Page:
>> RAGHDA: The Middle East, a region with a rich history, strong cultural roots, and
an area which humans have inhabited for thousands of years.
Once part of the Fertile Crescent, this region of the Middle East was one of the most fertile
areas in the world, due to its ideal climate for growing crops, its abundance of natural
water bodies, and regular and predictable seasonal rains.
Currently, the Middle East is home to 6.3% of the global population but it contains only
1.4% of the world's renewable freshwater.
This has led to severe water scarcity in the region as the combination of population growth
and urbanization have led to the over-exploitation of aquifers and the contamination of water
Changes in climate may further decrease availability or accessibility of water resources, which
could result in hindered economic growth and consequently, increased poverty, social instability,
and food insecurity.
>> MICHAEL: One way to increase water resources is rainwater harvesting, which has been implemented
in the region for millennia.
When rainwater comes into contact with a surface, it is directed to a point, where it then flows
into a barrel or cistern.
A network of pipes connects the rain barrels or cisterns to the plumbing in the school,
so that when water is needed for sanitation purposes, the harvested rainwater is used.
>> BRENDAN: The Water Resources Action Project, or WRAP as we refer to it, is a purely volunteer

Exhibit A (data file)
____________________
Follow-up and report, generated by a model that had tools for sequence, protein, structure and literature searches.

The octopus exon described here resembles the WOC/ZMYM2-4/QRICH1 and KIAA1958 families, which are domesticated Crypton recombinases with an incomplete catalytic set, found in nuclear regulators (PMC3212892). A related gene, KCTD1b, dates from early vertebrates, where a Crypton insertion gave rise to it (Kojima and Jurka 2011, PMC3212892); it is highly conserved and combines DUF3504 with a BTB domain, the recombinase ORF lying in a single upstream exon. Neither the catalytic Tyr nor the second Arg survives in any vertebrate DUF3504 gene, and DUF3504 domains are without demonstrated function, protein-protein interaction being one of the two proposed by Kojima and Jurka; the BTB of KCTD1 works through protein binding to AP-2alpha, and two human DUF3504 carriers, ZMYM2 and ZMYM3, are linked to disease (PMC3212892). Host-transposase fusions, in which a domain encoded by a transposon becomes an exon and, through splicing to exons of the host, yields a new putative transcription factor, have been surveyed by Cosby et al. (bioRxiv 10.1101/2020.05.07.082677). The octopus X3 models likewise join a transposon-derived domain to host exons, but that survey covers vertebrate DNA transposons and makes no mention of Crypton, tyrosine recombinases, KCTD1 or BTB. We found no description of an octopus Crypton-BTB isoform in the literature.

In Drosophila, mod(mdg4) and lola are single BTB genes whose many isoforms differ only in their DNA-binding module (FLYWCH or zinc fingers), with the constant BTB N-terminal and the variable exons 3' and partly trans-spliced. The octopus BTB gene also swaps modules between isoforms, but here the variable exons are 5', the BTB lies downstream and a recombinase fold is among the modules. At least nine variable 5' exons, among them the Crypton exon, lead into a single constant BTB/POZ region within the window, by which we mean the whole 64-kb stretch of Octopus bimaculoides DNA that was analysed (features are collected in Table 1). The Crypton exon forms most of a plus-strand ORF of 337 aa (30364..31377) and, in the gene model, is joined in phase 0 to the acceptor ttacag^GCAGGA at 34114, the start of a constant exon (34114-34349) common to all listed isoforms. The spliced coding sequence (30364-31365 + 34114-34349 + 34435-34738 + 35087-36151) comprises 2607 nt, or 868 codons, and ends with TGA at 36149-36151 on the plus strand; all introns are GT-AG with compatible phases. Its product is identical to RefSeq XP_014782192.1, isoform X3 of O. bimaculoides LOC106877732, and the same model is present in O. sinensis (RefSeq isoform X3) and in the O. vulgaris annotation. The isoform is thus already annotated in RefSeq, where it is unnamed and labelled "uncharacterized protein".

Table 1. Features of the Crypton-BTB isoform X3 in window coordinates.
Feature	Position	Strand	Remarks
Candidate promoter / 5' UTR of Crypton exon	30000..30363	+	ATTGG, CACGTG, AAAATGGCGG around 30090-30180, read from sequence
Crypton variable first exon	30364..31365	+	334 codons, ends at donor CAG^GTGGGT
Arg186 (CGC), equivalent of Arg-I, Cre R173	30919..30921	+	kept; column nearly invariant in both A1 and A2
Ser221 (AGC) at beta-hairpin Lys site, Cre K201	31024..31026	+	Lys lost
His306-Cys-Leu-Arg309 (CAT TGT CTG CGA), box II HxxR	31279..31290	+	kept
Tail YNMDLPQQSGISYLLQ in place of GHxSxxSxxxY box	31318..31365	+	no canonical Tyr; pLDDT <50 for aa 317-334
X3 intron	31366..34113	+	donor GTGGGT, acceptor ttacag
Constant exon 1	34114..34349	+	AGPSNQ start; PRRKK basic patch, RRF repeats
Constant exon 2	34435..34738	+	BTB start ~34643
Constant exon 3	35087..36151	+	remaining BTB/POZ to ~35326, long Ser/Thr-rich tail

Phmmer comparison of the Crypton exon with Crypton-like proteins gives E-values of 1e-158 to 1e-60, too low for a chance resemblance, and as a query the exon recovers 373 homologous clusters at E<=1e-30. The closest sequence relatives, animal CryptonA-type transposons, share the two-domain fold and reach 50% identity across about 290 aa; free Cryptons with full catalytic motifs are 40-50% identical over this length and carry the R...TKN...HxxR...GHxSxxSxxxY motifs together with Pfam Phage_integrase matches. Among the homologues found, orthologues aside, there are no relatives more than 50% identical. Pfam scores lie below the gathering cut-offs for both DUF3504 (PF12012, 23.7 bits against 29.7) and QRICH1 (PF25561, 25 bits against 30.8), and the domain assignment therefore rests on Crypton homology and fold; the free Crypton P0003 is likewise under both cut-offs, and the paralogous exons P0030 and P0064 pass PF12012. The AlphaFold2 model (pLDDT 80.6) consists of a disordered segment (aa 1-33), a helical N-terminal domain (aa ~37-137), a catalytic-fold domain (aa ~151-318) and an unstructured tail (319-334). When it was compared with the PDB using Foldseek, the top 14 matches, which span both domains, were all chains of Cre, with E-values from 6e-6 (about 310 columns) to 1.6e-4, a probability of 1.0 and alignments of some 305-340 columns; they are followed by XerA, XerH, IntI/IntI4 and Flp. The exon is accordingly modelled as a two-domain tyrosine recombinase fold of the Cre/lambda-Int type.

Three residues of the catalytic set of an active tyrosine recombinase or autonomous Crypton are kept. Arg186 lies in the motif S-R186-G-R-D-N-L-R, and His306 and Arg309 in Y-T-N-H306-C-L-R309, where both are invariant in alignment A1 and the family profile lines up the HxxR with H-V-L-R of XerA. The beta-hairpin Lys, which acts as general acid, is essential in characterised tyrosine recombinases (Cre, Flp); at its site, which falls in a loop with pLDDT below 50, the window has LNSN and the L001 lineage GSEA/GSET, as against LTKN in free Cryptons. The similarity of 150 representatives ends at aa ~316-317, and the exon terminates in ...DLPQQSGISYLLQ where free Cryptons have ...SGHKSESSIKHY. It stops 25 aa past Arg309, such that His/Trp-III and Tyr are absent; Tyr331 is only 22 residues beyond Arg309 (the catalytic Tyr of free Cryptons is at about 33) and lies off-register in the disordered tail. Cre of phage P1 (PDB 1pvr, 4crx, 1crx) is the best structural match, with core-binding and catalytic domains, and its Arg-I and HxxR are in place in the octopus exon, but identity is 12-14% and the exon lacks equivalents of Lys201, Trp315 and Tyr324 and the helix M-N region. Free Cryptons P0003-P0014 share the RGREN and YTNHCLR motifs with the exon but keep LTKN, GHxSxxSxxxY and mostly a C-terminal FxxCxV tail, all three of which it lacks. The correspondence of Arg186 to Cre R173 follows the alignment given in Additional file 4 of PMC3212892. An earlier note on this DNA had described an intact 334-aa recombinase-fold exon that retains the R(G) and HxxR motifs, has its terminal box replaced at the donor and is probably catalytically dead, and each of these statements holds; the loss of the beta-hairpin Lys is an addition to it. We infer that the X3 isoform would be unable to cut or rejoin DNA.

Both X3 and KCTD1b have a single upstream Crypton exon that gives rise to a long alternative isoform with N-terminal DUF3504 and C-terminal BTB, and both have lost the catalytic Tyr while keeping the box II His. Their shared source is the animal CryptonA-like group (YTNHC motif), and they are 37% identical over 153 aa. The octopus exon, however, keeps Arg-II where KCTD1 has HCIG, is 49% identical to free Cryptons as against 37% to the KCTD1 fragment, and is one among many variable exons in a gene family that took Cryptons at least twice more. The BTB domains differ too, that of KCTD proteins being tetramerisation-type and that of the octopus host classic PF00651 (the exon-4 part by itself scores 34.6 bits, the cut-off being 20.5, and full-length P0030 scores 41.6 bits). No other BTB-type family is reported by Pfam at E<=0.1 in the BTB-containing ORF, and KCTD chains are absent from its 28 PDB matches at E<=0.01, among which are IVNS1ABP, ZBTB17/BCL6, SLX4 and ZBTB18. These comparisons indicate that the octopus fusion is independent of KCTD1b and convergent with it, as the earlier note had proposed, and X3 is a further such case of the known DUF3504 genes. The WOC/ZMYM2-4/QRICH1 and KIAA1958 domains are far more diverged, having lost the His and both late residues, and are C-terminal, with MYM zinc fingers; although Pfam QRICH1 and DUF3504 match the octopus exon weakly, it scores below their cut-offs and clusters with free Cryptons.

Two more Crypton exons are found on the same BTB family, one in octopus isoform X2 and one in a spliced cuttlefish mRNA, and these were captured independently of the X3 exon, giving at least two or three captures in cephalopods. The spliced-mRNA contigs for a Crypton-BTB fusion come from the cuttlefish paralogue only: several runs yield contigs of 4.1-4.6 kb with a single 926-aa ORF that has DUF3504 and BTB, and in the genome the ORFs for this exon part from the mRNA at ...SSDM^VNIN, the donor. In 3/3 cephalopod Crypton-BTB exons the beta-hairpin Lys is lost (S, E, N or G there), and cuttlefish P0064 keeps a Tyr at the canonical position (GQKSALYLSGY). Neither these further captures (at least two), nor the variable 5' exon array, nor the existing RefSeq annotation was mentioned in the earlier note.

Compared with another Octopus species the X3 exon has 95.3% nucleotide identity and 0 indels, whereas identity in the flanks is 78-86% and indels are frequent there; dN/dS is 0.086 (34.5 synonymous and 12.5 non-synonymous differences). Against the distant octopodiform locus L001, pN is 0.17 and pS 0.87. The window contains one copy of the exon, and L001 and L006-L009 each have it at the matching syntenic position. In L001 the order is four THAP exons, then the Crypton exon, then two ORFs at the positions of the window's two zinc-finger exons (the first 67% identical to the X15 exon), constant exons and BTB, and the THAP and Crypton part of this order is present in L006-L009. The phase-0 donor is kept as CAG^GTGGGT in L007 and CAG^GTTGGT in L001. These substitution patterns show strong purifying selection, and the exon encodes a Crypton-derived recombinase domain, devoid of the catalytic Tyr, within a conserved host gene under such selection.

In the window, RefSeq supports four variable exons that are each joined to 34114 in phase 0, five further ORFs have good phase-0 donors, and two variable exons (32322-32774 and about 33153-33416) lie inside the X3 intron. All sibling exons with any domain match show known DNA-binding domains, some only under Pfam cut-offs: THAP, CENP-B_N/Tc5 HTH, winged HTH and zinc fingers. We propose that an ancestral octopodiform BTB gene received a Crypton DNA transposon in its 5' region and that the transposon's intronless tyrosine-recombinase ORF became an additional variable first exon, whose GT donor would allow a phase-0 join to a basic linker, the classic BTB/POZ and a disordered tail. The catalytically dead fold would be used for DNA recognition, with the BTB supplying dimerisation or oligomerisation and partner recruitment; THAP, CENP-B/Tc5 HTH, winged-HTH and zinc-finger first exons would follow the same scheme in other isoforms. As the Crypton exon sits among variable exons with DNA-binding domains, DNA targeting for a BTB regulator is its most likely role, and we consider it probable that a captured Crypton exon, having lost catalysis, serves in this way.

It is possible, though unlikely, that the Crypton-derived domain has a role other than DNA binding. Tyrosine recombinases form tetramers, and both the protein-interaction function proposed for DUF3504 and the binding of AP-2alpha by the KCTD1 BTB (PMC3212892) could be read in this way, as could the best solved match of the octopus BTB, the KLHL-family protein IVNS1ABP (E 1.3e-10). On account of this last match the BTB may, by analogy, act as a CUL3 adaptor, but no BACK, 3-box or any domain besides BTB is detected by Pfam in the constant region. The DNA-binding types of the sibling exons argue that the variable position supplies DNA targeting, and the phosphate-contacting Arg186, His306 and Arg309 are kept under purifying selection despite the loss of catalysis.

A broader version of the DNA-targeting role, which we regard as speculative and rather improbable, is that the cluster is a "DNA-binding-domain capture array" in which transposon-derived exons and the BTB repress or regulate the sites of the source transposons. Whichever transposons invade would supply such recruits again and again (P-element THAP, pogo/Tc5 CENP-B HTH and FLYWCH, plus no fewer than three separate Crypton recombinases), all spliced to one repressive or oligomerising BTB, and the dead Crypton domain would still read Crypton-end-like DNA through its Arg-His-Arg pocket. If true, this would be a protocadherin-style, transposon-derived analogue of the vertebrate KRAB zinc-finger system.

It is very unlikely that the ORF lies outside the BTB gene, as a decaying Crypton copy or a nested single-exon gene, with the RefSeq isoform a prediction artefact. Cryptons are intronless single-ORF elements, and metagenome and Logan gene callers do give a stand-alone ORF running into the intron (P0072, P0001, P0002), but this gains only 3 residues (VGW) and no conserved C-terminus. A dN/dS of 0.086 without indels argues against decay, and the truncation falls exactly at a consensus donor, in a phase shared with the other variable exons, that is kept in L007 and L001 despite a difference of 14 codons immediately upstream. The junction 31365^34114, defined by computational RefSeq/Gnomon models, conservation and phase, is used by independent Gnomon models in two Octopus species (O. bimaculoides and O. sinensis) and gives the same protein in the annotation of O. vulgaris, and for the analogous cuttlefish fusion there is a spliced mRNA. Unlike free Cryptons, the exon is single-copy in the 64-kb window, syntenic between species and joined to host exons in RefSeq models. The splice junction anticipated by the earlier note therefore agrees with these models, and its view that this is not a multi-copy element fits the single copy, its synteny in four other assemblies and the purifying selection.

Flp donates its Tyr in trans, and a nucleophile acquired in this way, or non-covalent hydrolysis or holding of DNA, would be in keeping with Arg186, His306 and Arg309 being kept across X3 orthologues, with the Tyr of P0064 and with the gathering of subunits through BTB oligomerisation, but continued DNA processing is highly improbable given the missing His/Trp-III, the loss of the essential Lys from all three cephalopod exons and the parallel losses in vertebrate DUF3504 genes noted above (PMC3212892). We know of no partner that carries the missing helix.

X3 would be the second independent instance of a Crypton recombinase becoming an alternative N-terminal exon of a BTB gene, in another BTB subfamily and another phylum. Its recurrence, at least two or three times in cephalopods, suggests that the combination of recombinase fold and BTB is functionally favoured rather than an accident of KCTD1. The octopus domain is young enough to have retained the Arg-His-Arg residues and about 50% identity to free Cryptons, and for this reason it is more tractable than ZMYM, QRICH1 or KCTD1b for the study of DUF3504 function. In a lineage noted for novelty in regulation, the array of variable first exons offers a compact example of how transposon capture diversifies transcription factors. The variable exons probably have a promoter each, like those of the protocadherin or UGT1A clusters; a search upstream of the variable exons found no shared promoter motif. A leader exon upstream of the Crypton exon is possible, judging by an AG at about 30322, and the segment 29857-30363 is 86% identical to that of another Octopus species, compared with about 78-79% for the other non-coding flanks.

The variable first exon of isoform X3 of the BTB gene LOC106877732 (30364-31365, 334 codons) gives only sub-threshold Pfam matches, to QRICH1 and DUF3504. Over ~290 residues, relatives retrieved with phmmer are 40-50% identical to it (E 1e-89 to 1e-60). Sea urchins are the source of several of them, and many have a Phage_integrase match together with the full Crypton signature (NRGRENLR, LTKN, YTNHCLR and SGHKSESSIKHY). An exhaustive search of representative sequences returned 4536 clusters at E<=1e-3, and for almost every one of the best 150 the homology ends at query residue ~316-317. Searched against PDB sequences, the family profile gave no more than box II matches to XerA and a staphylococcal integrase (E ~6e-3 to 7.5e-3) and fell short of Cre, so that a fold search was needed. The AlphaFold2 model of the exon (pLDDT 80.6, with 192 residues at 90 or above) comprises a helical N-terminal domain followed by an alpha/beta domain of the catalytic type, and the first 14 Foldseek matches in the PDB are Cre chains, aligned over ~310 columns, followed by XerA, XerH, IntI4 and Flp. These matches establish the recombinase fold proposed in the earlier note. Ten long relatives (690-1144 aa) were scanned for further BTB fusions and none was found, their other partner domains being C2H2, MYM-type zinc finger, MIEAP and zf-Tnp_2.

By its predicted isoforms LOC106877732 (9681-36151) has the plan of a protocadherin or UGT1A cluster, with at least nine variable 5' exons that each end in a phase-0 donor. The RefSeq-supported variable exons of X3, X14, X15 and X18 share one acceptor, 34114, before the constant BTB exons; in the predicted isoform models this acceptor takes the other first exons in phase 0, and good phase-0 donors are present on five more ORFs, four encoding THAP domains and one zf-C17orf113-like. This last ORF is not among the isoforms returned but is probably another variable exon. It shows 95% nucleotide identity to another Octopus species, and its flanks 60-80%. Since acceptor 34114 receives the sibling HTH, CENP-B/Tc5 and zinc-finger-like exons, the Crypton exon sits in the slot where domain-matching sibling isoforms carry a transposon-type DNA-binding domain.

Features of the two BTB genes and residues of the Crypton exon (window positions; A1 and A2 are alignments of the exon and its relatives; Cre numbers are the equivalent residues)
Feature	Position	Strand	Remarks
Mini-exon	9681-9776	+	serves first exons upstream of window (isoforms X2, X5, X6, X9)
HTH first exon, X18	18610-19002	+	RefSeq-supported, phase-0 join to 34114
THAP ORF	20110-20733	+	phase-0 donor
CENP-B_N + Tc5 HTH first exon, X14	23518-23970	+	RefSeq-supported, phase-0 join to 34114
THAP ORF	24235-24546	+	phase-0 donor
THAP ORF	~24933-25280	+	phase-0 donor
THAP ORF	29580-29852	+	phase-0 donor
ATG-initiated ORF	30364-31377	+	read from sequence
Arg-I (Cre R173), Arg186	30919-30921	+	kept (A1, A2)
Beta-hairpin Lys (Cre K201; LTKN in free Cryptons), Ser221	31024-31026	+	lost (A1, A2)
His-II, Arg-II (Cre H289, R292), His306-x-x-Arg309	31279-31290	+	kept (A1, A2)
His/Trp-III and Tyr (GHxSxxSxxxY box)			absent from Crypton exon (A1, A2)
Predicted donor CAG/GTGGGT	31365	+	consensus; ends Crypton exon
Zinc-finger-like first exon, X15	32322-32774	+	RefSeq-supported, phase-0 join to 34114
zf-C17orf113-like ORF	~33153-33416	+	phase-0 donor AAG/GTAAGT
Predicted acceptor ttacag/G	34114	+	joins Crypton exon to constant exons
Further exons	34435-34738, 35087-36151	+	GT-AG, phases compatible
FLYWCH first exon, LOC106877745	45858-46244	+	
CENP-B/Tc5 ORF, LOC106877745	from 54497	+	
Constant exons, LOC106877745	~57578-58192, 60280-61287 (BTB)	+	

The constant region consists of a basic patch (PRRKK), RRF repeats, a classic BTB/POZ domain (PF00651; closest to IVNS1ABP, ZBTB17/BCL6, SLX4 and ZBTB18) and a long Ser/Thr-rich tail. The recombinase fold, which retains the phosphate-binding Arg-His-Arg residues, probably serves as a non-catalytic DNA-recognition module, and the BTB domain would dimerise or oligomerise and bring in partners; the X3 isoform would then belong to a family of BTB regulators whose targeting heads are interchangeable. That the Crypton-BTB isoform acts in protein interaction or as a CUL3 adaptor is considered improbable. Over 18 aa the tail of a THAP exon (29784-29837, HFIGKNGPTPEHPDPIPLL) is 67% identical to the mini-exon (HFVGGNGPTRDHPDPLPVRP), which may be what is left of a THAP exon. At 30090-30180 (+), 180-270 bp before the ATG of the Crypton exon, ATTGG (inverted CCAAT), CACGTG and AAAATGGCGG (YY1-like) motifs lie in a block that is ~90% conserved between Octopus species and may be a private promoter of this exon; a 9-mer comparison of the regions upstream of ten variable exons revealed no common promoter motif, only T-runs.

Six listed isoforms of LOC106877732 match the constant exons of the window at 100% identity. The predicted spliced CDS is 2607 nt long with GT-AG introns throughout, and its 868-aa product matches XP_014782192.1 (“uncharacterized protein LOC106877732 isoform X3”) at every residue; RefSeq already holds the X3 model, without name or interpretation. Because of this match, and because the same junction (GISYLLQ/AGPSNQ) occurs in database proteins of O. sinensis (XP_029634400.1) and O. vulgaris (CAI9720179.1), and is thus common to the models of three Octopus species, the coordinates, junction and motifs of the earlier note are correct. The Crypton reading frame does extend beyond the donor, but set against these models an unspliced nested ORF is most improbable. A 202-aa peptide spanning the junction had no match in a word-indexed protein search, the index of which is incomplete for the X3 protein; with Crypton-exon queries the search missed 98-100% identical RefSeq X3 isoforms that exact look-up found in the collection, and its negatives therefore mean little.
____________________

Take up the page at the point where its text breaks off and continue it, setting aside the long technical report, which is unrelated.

group of environmental professionals that are utilizing rainwater harvesting systems
in the Middle East to provide impoverished schools and the communities that they operate
within with greater water security.
>> HANNAH: The Middle East Water Resources DEVELOP team at the NASA Langley Research
Center created a precipitation climatology using the Tropical Rainfall Measurement Mission,
the Global Precipitation Measurement, and other NASA Earth Observations data to quantify
and visualize monthly precipitation rates to identify the locations most suitable for
In addition, the team created PRiME, the Precipitation Interface for the Middle East.
>> VISHAL: In order to create PRIME, we processed and uploaded precipitation, groundwater, and
evapotranspiration data, as well as the shapefiles for school locations and the study area, into
Google Earth Engine API.
partner schools can interact with, by the click of a button.
PrIME can also incorporate new, near real-time data and continue to monitor precipitation
and other important variables to the water cycle in the region.
Finally, from the output data generated by PrIME's graphs, we conducted several statistical
analyses to see if there were any correlations between the modeled climatic variables.
Our analysis of the data demonstrated that the region has experienced a decrease in groundwater,
while rainfall has generally remained fairly constant.
We also found that almost all of the precipitation falls between December and February, and often
there is minimal or no precipitation in the area between April and August.
>> BRENDAN: Having the data of where the stresses of water availability are greatest allows
us to be able to take our limited resources and apply them in the communities where these
schools are suffering from, I think, some of the most dire water shortages.
>> HANNAH: With the help of our tool, WRAP can provide rainwater harvesting materials
where they're needed most.